Understanding California’s stalking laws
Most serious criminal offenses involve acts of physical violence. However, others involve no physical contact act all, with words or behavior constituting the substance of the crime.
Stalking is perhaps the most well-known crime in this later category. The elements of stalking vary by jurisdiction, with the crime described in section 646.9(a) of the California Penal Code.
The language of the code is rather nebulous, but it contemplates any form of threat or harassment that instills a reasonable fear in the victim for the safety of themselves or their immediately family.
The threating behavior can be verbal or written, it could even be a physical presence in certain circumstances.
- Sending daily text messages to an ex-partner stating, “we will be together again, whether you like it or not.”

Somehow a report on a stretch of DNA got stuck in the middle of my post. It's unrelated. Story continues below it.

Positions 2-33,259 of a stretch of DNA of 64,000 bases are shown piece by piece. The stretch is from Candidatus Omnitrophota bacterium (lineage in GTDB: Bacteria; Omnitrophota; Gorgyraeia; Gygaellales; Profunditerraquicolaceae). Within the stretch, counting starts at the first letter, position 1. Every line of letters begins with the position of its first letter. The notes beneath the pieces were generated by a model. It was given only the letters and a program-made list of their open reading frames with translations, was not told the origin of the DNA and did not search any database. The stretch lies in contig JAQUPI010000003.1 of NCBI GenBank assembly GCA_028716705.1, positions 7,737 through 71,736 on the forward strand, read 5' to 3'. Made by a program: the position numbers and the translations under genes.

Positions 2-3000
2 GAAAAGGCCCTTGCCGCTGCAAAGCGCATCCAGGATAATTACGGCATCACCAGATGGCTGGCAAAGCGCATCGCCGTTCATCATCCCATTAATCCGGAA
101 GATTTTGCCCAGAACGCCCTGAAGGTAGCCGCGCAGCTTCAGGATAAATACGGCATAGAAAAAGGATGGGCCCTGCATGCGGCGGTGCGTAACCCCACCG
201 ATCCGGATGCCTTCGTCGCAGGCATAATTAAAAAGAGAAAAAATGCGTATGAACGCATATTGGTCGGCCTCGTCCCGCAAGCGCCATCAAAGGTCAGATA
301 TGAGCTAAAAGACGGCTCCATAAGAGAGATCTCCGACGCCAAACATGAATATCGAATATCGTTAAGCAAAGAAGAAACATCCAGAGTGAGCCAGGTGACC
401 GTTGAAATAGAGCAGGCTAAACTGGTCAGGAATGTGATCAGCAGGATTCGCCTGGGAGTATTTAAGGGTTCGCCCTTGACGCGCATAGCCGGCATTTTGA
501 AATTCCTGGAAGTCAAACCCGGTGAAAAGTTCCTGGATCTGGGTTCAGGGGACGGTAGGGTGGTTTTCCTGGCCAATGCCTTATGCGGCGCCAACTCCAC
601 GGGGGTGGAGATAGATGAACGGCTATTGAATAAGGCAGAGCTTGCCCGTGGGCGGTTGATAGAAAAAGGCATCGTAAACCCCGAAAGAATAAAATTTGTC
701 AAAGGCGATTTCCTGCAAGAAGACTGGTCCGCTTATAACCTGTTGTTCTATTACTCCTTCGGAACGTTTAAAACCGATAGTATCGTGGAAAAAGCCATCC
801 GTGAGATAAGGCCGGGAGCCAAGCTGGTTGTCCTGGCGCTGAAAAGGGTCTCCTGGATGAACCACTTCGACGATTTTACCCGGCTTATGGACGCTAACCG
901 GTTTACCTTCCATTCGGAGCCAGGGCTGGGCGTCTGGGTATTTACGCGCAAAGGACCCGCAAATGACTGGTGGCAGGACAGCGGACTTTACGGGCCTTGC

- Sending written letters to a co-worker that read “I will destroy you.”
- Following someone around daily and shouting obscenities at them.
Stalking can be charged as a misdemeanor or a felony, depending on the nature of the crime. A felony conviction is punishable by up to five years of prison, a misdemeanor conviction is punishable by up to one year in prison.
A serious crime requires a serious defense
Being convicted for a high-level crime has ramifications far beyond prison time. You may face serious fines, forfeit civil liberties such as gun ownership, and suffer irreparable damage to your reputation.
Thankfully, everyone is presumed innocent before proven guilty. The first step towards an acquittal is hiring an experienced criminal defense lawyer.
An experienced lawyer can poke holes in the prosecution’s case and launch an extensive investigation to uncover the truth.
Newport Beach residents should act quickly. If cost is a concern, many lawyers offer a free initial consultation at no out-of-pocket cost to the client.